As El Tiempo reports, the ball is now in President Santos’ court. He can either respect the IACHR’s recommendation or ignore it. Fortunately for Petro the latter option is unlikely, as Colombia’s constitution recognizes the competence of the Inter-American human rights system. Also, in January Santos signaled that he would remain neutral in the case, promising to respect the commission’s decision according to his country’s international obligations.
Even if Santos honors the IACHR request for precautionary measures, however, it will likely be a while before the commission issues a verdict on his petition. As Nelson Camilo Sanchez of the Bogota-based research center Dejusticia pointed out in a January column for Razon Publica, there is a good chance that the case could be decided after the mayor’s term ends in 2016.
- The seizure of Altamira Plaza on Monday by security forces points to Venezuelan President Nicolas Maduro’s hardened resolve to crack down on the wave of opposition protests in his country, and the Washington Post suggests that the move is at odds with his rhetoric of peace and stated interest in dialogue with protestors. Venezuelan expert David Smilde makes a similar point, noting that Maduro’s response to protests has been more “mano dura” than Chavez’s reactions to similar unrest in2004. According to Smilde, this is likely due to Maduro’s comparative lack of charisma as well as the country’s deteriorating economy.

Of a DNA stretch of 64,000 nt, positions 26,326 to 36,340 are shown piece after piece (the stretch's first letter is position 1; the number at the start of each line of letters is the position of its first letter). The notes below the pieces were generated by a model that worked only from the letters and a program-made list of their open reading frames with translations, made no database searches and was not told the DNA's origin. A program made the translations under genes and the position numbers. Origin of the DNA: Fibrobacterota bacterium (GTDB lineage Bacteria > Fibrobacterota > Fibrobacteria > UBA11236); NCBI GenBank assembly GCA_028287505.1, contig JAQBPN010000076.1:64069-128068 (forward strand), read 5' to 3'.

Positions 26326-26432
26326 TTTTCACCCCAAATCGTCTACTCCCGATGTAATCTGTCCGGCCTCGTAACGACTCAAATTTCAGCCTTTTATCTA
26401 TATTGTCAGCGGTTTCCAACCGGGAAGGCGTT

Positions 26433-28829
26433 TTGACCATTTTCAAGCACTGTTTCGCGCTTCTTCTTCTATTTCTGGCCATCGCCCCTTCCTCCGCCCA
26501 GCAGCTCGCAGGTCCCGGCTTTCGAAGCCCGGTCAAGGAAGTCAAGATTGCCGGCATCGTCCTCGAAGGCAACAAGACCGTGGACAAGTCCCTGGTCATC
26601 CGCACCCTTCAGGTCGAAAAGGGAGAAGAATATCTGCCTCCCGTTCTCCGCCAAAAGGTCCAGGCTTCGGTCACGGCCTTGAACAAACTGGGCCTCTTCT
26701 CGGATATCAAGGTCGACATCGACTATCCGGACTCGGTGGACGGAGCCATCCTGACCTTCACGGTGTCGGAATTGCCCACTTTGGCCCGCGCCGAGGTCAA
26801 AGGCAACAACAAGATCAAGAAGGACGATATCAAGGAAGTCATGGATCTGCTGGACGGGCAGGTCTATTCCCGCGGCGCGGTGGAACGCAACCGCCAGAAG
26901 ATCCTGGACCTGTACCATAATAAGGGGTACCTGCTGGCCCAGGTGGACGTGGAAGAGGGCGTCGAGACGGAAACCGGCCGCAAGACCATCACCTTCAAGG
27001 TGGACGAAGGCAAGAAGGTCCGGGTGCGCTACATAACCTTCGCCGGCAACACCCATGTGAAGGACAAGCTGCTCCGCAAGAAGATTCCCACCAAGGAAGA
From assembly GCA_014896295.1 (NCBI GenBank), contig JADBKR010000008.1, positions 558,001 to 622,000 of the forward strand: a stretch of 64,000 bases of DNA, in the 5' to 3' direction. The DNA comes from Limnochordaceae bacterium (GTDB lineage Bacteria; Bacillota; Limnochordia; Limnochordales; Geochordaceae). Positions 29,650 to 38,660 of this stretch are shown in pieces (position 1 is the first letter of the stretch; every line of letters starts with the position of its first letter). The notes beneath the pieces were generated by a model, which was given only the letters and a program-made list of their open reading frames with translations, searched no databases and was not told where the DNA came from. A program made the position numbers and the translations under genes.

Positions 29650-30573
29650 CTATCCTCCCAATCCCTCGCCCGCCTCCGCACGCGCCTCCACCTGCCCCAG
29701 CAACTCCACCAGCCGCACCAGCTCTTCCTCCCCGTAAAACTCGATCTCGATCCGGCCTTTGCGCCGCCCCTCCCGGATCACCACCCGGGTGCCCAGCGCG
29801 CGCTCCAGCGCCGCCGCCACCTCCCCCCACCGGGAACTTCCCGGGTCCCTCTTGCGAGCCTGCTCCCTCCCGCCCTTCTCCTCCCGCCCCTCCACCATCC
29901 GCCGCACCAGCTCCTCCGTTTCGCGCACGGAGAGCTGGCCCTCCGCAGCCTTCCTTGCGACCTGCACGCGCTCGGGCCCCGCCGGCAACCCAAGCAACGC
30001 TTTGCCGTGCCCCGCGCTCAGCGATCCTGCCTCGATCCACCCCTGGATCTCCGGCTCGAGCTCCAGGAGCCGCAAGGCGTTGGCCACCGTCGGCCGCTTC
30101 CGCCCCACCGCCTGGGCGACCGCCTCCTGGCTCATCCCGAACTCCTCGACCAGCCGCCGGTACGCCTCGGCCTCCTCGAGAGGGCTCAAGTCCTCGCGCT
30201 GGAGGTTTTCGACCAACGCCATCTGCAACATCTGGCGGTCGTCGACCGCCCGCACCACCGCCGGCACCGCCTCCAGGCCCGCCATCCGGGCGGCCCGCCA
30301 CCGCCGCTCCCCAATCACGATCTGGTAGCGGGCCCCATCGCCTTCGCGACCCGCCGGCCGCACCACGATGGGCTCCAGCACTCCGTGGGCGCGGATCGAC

- According to El Universal, the Venezuelan National Assembly has approved a measure to present evidence of alleged wrongdoing by opposition congresswoman Maria Corina Machado to prosecutors. Her crimes, according to Assembly President Diosdado Cabello, include support for violent protest and appealing to a foreign power to “sabotage” Venezuela’s democracy. The vote is the first step in a process that could culminate in her loss of congressional immunity, which would require the approval of public prosecutors and the Supreme Court.